Almost all working programmers agree that they want to work in a “clean” codebase, but very few agree on what this means in practice. One way to simplify these discussions is to choose (or create) a style guide and enforce it with lint rules. This will catch issues like indentation or the number of blank lines between functions.

Higher level concerns such as code complexity can be more difficult to catch in an automated fashion. Code Climate and similar tools attempt to address this, and are popular with many open source maintainers. If your team is unable or unwilling to use Code Climate, you may want to try computing your own metrics to measure code quality.

In an effort to start measuring the complexity of code in one medium-sized (45,000 LOC) Python project, I decided to write a script to count and plot function and method lengths. The full script is in this gist

The first part recursively walks the project, finding all files with a desired extension (.py in my case):

def walk_dir(dirname, ext):
  for root, dirs, files in os.walk(dirname):
    for file in files:
      if file.endswith(ext):
        yield os.path.join(root, file)

Each file is then read in and parsed using the ast library, which allows us to easily find the classes and functions defined in the file:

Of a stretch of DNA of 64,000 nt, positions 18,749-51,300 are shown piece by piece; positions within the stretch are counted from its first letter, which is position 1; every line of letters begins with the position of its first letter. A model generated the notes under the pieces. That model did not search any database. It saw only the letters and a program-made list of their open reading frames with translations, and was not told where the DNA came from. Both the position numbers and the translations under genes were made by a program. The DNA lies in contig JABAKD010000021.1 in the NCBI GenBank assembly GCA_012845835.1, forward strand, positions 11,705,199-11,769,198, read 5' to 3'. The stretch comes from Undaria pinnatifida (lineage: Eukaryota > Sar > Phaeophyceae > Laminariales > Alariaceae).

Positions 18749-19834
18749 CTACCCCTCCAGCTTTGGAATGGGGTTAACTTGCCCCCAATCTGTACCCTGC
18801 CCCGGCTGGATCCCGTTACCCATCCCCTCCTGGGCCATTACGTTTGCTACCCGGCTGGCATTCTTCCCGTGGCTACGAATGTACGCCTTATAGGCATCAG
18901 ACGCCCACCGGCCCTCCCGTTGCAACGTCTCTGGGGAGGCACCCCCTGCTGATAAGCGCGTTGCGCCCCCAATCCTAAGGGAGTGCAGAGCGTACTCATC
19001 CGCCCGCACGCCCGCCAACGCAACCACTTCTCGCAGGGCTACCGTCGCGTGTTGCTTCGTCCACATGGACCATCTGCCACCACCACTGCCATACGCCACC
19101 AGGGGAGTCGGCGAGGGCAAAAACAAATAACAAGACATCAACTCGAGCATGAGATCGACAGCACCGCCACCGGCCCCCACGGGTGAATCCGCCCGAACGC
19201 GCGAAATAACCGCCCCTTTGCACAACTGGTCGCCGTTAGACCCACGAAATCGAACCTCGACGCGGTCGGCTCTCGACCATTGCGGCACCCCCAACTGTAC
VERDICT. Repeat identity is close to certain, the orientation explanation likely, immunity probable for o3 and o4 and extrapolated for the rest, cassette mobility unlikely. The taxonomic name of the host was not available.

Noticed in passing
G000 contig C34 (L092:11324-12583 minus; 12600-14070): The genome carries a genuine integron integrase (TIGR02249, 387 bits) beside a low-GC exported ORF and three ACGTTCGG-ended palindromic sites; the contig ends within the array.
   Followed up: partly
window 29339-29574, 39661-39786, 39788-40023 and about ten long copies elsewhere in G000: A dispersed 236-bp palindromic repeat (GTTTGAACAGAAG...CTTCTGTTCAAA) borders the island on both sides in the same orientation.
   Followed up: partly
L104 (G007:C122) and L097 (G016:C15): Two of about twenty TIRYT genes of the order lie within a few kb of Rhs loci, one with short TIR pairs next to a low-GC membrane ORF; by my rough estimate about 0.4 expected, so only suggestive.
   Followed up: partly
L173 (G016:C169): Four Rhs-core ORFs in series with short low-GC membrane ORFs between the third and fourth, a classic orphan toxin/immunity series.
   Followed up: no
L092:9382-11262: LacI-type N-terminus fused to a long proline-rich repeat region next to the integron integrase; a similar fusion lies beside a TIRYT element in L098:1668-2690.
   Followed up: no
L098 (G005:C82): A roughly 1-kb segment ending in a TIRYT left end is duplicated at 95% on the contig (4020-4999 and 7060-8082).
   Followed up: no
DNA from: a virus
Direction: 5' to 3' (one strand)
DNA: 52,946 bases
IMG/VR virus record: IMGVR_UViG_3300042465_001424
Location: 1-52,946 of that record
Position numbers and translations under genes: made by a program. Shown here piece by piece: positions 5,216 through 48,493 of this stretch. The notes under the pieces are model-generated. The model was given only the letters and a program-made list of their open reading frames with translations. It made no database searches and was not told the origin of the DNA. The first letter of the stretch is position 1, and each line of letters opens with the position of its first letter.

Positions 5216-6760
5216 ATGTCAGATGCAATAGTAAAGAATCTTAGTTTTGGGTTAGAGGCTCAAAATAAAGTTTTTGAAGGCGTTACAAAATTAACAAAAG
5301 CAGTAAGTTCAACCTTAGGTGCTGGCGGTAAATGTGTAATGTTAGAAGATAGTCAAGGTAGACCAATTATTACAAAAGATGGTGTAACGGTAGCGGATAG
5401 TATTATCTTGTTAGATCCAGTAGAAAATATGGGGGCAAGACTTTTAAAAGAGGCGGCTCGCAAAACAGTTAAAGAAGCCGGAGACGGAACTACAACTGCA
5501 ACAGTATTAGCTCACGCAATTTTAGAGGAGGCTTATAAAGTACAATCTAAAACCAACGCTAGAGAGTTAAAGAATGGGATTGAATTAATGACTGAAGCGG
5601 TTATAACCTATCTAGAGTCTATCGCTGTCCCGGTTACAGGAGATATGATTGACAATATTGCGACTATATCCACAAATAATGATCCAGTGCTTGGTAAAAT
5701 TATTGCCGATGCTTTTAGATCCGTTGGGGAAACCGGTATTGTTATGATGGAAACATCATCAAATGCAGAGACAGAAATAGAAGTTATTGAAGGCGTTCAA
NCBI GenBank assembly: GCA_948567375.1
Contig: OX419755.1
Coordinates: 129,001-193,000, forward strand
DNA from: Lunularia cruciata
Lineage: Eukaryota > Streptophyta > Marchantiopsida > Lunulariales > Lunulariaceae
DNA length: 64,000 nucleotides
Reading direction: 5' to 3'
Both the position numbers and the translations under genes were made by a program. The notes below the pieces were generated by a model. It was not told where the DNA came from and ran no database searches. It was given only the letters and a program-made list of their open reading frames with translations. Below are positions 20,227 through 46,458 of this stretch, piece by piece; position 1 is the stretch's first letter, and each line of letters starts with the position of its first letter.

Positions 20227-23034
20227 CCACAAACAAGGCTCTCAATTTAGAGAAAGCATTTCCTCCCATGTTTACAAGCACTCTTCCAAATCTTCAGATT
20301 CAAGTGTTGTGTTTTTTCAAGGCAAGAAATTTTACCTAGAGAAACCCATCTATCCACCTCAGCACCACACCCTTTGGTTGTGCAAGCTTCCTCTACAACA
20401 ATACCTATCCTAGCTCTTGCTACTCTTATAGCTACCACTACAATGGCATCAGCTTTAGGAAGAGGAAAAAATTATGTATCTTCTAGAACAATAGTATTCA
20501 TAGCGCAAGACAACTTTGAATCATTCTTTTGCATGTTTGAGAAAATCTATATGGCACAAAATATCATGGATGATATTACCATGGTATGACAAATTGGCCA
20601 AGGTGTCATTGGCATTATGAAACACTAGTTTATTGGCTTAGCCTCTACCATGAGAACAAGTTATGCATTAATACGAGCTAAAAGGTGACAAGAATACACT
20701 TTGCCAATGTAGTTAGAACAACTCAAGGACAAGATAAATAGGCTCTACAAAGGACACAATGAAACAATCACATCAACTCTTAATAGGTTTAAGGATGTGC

def count_function_lengths(pth):
    # load file
    f = open(pth, 'r')

    # parse the AST of the file
    t = ast.parse(
    classes = [e for e in t.body if type(e) == ast.ClassDef]
    funcs   = [f for f in t.body if type(f) == ast.FunctionDef]
    line_numbers = [f.lineno for f in funcs]

One catch is that although ast can easily tell you the line on which a function definition starts, I could not find any reliable way to find the line on which it ends. (One option would be to look for the return outside of any conditional blocks, but functions in Python are not required to return anything, although almost all do in practice.) To work around this, I sorted the line numbers on which each class and function began and used that as the end line for the previous function. This ignores whitespace and comments but gives us a useful first approximation.

We can then compute and plot a histogram of line lengths for all functions in a project. Here’s what this looks like for the example project I mentioned above:


Histogram of Function Lengths in a Python Project

At a glance we can easily see that some functions in this project are way too long (over 200 lines!). In practice this provides two main benefits. First, it makes our conversations around code complexity more concrete and objective. Second, it gives us a way to prioritize our refactoring efforts and measure our progress. Rather than debating which parts of the code need cleaning up, we can get right to work making the code more readable and maintainable. Happy coding!